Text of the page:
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Manatee Deaths In Indian River Lagoon Designated Unusual Mortality Event

A Florida manatee cow and calf.
Keith Ramos/U.S. Fish and Wildlife Service
A Florida manatee cow and calf.

The U.S. Fish and Wildlife Service is calling a manatee die-off in the ailing Indian River Lagoon an Unusual Mortality Event. 

The designation will prompt a federal investigation into why the manatees are dying.

More than 400 manatees have died in Florida since the start of the year, with at least 30 percent of those in the Indian River Lagoon.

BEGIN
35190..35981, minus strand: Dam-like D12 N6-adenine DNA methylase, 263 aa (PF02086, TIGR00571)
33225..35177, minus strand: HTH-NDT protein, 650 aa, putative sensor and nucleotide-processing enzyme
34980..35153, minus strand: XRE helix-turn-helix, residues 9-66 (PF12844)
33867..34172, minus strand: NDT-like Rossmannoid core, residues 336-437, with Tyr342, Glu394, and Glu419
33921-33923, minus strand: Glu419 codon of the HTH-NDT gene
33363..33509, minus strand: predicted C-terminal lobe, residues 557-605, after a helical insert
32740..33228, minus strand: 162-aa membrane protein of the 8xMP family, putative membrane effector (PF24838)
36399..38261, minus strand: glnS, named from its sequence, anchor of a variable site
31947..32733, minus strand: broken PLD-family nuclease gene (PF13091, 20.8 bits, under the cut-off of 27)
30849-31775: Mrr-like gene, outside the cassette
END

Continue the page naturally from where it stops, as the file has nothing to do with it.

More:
That’s about triple the normal number. The average annual death count during the past five years had been just under 600 manatees. 

The manatees are believed to be starving, as recent harmful algae blooms in the Indian River Lagoon have led to a widespread loss of seagrass, the manatees’ primary food. 

The designation of an Unusual Mortality Event also will prompt the federal government to look into how to minimize more deaths. 

The manatee was reclassified in 2017 as threatened rather than endangered. Some 7,000 of the animals are believed to be in Florida. 


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Amy Green